Snowflake Shapes and Science, Wednesday, Feb. 17, 1-3 p.m.

“Waterfront” (the movie), Saturday, Feb. 20, 3:30-5:30 p.m.

Animals of the Night: Live Animal Presentation, Saturday, Feb. 20, 6-7:30 p.m.

Beginning Winter Birding, Sunday, Feb. 21, 8-10 a.m. (at Halibut Point State Park in Rockport).

Call 978-281-8400, e-mail, or register online at

Hip-hop and shipbuilding with Wellspring

Wellspring Cape Ann Families is planning two free fun events for February vacation, open to all on Cape Ann.

Shipbuilding will be held Tuesday, Feb. 16, 10-11:30 a.m. at the Essex Shipbuilding Museum, 66 Main St, Essex. Make your own Chebacco Boat and learn about maritime history. The first 40 families will also receive a free copy of the local children’s book “Schooner.” Registration is required by calling 978-281-7856 with the number of children and adults.

Hip-Hop/Latin Dance is on Thursday, Feb. 18, 10-11:30 a.m. at WCAF, 28 Emerson Ave., Gloucester. Rock your body with local Hip-hop/Latin Dance fitness trainer Jennifer Amero from The Met: Metamorphosis Alternative Fitness Studio. Workshop is geared towards children 7 and up and parents are welcome to participate.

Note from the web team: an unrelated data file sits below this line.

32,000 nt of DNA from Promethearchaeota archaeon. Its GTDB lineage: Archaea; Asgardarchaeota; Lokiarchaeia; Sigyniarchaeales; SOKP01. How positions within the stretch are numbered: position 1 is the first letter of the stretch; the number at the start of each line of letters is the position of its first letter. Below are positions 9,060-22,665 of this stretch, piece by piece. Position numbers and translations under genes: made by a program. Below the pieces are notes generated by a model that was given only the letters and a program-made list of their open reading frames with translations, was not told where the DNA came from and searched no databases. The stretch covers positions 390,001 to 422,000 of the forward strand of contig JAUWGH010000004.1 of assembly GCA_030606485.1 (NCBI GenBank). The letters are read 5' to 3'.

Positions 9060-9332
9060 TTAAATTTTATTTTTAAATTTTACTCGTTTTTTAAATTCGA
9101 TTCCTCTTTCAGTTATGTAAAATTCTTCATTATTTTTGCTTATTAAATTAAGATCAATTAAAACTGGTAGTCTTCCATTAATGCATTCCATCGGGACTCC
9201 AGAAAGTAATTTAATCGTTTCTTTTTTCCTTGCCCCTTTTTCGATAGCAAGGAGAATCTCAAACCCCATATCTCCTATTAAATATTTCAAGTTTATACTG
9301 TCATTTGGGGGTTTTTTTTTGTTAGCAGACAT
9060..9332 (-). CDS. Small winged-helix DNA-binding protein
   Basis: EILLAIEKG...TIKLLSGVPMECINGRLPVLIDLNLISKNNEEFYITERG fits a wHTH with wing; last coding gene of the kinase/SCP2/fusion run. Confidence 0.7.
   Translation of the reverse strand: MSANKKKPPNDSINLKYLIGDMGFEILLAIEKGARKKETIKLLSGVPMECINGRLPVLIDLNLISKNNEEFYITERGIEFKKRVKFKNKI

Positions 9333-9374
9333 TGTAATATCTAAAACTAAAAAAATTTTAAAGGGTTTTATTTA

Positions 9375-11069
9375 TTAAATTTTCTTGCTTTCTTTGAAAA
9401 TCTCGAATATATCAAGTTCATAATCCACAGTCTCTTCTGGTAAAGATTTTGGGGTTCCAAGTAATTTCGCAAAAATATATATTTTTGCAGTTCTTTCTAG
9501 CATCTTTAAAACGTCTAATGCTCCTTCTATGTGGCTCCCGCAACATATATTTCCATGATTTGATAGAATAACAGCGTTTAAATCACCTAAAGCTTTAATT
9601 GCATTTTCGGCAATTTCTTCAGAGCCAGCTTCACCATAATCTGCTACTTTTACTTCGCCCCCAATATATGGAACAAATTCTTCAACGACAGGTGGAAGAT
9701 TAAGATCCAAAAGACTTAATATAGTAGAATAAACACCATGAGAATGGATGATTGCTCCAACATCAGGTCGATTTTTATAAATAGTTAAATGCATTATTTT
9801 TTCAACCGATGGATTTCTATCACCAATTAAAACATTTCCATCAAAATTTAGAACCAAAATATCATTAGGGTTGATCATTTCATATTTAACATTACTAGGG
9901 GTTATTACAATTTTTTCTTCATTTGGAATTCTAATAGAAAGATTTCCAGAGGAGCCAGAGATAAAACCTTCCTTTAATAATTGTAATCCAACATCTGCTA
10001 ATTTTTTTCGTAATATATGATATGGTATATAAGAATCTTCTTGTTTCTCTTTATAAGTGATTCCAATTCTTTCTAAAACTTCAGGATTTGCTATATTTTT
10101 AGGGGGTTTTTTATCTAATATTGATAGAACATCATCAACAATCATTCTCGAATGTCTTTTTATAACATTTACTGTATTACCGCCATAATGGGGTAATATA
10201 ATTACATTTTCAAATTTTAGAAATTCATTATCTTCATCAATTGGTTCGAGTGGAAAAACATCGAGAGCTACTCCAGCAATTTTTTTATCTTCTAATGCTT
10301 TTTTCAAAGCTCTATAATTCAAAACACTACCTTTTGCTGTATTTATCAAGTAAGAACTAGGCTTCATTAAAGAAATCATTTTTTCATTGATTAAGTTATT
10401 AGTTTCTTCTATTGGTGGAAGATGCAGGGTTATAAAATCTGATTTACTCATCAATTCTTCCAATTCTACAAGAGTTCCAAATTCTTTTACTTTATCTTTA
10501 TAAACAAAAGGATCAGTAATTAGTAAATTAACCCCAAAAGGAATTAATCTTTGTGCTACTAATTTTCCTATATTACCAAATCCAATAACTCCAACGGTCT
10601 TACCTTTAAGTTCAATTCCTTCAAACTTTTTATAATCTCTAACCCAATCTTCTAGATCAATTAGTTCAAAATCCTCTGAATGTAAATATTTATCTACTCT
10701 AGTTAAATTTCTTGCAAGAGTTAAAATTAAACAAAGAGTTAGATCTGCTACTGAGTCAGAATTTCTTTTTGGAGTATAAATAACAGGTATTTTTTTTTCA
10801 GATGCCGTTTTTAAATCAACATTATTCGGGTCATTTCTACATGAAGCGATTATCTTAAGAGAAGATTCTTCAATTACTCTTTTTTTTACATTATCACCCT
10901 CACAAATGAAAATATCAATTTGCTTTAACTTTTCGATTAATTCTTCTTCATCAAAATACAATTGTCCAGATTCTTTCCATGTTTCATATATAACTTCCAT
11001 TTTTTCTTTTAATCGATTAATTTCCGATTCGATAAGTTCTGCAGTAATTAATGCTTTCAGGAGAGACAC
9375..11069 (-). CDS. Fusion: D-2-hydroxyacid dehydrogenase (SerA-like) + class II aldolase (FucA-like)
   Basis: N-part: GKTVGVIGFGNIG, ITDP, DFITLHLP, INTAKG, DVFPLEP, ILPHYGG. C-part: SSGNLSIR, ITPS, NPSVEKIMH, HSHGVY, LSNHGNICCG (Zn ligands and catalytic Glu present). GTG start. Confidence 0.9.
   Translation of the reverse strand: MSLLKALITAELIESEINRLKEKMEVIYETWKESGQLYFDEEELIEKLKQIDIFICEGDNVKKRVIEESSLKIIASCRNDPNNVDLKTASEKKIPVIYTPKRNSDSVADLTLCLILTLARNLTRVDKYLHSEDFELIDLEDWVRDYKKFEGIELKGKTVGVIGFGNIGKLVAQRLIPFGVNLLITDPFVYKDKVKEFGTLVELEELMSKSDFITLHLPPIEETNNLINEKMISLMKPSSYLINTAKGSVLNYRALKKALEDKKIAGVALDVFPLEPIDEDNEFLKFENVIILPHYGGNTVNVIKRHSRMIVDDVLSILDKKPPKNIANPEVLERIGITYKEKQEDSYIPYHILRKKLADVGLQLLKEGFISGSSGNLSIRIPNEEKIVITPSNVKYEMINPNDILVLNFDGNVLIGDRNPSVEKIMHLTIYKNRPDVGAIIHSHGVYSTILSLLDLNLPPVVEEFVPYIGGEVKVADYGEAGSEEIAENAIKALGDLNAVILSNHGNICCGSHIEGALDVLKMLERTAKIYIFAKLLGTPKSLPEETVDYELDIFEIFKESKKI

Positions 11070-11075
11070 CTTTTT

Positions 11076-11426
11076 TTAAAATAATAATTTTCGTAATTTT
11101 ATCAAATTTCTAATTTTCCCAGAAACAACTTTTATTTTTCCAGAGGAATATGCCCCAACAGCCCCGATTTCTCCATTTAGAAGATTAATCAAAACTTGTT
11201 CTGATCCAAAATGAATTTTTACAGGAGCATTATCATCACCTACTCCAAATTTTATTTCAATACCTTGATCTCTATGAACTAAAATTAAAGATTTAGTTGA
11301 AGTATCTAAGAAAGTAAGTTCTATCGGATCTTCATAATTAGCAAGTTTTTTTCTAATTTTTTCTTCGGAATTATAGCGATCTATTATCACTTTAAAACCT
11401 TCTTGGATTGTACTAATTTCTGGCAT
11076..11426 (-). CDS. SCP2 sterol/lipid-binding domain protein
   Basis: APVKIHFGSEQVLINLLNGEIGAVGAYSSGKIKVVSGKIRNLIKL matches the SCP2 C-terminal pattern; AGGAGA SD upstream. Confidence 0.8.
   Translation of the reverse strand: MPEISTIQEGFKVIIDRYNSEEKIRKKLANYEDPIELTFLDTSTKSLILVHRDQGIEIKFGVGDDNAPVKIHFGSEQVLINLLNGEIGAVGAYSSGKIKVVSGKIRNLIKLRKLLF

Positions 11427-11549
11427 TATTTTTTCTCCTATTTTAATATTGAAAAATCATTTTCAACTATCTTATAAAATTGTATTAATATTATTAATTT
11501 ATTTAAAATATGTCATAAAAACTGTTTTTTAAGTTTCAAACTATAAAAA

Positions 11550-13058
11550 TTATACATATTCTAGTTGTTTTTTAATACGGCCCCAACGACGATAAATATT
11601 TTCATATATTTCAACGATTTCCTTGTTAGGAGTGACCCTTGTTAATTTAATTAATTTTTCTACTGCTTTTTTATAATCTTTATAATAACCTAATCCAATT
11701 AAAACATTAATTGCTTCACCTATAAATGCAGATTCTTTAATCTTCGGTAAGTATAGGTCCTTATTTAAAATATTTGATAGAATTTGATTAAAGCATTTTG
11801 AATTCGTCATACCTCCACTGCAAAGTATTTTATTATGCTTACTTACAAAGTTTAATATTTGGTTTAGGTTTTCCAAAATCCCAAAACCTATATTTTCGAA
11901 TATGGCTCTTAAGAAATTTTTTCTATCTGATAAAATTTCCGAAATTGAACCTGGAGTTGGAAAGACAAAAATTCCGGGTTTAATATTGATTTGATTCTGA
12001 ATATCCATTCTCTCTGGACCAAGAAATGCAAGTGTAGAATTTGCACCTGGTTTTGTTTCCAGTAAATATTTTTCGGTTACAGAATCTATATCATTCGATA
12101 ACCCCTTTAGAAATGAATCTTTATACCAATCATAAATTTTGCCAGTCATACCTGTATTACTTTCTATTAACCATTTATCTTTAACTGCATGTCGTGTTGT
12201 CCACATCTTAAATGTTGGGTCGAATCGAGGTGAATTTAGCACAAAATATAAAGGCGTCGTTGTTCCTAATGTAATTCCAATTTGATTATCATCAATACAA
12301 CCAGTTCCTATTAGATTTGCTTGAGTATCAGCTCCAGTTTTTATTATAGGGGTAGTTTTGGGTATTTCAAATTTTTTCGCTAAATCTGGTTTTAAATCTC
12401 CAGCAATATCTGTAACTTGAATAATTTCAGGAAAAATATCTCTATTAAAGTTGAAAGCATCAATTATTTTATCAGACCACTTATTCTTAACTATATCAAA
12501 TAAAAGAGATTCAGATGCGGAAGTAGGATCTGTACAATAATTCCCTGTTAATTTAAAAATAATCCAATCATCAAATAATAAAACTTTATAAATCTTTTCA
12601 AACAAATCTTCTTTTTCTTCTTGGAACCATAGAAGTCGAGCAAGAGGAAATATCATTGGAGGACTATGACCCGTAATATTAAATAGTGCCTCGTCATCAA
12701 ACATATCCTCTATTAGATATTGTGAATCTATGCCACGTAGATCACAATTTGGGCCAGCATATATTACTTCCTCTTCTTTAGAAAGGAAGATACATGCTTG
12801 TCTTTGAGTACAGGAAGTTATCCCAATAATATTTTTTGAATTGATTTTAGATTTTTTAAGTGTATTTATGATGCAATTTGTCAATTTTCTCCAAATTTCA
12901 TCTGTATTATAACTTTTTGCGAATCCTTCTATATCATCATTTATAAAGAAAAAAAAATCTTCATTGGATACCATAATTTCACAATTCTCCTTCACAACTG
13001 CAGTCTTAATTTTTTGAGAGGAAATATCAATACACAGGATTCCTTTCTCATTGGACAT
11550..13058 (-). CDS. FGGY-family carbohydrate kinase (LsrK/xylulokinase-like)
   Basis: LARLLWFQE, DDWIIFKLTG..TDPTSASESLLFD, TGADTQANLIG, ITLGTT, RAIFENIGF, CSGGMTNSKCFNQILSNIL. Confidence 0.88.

These free events are made possible by the Linden Foundation.

For more information, call Stacy Randell, 978-281-7856,

GHS Cheerleading Mini Camp

The Gloucester High School Cheerleaders will host a Mini Camp on Feb. 16, 17 and 18 from 11 a.m. to 4 p.m. at the Gloucester High School Field House. All children ages 5 to 14 are welcome. The cost is $75. Registrations are still being accepted by calling Patricia Marques at 978-283-5718 or e-mail

Art Haven special classes

While still offering the normal schedule of after-school classes, Art Haven is offering a variety of activities for elementary and middle school students next week. Individual classes are $20 or $25:

Elementary School

Paint Big: Monday, 9-11:30 a.m.; Tie Dye a T-shirt, Tuesday, 9-11:30; and Lord of the Rings Day: Wednesday, 9-3:30 $20

Middle School

Pottery Day: Monday, 12:30-3; Tie Dye a T-shirt: Tuesday, 12:30-3; Lord of the Rings Day: Wednesday, 9-3:30; Jewelry Making: Thursday, 9-11:30; Silk Screen T-shirts: Thursday, 12:30-3.

For information, visit For reservations, call 978-283-3888 or e-mail

School vacation ‘exploration’: Trustees’ series kicks off Saturday

By Gail McCarthy
Gloucester Daily Times Staff Writer

The Trustees of Reservations are hosting a series of programs geared toward next week’s February school vacation, all based on a theme of “exploration.”

Several of the programs will be held at the newly renovated Cape Ann Learning & Discovery Center located at Ravenswood Park.

The events will feature explorations at Ravenswood and surrounding properties beginning Saturday and continuing through Sunday, Feb. 21:

*Ice Age Trail: Saturday, from 1 to 3 p.m. at Ravenswood.

*Hermit’s Tales on the Trails: Tuesday and, or Thursday, Feb. 18, 1 to 3 p.m. at Ravenswood.